Advances in Adaptive Optics have made it possible to develop a new generation of very high spectral resolution spectrometers R~(100,000-150,000) operating in the deep red and near-IR on large telescopes. These instruments can be used both for precision radial velocity (PRV) measurements when coupled with high precision calibration sources, direct spectroscopy of exoplanets, as well as for a number of general astrophysics science cases.
Feeding a diffraction-limited beam into a single mode fiber has many advantages: the small A*Omega of a diffraction-limited beam enables a much more compact instrument than a seeing-limited one; a compact instrument is easier to maintain under precise thermal control for high opto-mechanical stability; the use of single mode fibers eliminates mode scrambling and many PRV error budget terms related to instrument point spread function and telescope pointing; and finally a compact instrument is inherently lower cost than a seeing-limited one.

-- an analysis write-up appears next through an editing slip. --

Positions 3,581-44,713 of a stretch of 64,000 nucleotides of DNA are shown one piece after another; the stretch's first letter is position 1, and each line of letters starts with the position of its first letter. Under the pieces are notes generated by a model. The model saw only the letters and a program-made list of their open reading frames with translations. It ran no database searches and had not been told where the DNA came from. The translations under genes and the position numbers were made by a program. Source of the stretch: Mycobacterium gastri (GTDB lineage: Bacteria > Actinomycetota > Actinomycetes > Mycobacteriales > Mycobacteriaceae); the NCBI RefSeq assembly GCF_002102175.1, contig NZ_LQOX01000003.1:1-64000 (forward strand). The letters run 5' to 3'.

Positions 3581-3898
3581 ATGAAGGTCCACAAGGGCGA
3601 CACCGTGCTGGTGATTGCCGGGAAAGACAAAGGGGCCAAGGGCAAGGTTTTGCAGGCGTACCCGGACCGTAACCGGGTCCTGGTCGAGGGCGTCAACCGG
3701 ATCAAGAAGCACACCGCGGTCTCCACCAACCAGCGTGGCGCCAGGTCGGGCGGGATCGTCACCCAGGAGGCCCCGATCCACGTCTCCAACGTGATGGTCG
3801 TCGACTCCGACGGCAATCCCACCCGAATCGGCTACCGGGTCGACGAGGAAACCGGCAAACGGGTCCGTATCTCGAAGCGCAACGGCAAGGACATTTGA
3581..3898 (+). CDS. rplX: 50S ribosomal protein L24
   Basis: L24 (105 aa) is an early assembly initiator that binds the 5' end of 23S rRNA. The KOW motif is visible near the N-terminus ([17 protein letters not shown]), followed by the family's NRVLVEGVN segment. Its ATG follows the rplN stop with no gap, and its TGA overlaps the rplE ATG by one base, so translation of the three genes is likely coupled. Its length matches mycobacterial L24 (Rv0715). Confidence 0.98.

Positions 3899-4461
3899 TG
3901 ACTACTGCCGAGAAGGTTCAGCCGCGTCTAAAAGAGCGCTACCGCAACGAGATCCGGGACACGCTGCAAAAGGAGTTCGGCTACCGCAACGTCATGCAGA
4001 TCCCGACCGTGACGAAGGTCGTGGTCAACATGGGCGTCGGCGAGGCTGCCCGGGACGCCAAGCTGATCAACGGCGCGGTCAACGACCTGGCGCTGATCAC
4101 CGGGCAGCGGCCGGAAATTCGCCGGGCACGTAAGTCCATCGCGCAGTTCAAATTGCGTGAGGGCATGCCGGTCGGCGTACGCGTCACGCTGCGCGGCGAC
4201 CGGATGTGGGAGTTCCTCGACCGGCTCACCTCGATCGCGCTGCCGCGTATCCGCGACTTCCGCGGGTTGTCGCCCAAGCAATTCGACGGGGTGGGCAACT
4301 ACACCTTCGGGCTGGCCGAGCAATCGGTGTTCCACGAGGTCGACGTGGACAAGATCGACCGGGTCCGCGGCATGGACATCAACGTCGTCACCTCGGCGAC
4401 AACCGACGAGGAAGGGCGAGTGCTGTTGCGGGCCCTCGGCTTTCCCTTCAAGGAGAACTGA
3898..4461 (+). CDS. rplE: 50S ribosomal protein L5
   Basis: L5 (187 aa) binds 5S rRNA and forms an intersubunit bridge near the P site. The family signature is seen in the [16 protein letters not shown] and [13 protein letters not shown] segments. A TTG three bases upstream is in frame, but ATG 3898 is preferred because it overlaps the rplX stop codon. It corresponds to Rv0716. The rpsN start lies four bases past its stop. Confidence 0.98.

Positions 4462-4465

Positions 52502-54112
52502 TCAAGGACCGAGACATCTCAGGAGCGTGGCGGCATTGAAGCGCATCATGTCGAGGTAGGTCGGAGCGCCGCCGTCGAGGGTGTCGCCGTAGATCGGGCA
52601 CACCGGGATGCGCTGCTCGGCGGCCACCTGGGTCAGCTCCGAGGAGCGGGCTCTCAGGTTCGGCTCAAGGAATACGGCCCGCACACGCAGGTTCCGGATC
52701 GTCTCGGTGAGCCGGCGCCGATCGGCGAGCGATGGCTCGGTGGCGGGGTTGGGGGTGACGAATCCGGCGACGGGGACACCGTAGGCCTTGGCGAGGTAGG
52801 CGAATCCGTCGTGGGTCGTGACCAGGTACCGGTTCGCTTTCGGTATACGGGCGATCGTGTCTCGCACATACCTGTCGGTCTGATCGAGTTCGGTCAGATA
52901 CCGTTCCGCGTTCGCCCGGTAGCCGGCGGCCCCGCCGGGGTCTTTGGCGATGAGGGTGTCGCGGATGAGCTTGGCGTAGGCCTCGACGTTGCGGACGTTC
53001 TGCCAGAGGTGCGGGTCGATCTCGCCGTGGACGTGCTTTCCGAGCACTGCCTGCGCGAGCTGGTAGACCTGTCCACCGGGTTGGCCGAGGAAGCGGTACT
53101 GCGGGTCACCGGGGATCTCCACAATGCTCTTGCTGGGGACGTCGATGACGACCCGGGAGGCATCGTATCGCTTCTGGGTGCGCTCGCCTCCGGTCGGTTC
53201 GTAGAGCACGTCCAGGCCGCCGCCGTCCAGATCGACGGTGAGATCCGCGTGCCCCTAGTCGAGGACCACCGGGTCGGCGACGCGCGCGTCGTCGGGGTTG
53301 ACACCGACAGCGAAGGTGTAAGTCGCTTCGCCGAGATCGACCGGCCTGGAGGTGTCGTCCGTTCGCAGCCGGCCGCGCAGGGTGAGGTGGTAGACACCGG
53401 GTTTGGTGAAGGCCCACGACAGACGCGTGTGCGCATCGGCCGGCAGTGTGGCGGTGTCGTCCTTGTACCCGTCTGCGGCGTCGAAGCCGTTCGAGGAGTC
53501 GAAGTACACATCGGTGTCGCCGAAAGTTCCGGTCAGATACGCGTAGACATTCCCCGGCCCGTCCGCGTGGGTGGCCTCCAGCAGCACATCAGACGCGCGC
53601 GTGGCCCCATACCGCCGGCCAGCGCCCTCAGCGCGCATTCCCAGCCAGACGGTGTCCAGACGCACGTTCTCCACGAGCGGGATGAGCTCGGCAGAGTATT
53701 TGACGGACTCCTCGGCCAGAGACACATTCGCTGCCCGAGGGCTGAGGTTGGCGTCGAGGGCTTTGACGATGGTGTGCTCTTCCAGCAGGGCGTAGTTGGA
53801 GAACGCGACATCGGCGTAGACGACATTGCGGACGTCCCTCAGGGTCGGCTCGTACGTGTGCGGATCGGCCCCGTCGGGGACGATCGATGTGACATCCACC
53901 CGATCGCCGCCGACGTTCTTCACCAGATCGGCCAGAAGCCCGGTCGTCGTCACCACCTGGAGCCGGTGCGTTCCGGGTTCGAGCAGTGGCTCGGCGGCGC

We are presently integrating a prototype PRV instrument, Palomar Advanced Radial Velocity Instrument (PARVI), for the Palomar 5-m telescope, and designing another PRV instrument, HISPEC, for Keck, to be pathfinders for diffraction-limited spectrographs on future ELTs, like TMT. We will discuss science programs for PARVI and HISPEC as well as the design and development status of both instruments. Finally, we note that on a space-based telescope such as the EarthFinder it would be possible to extend these benefits into visible wavelengths.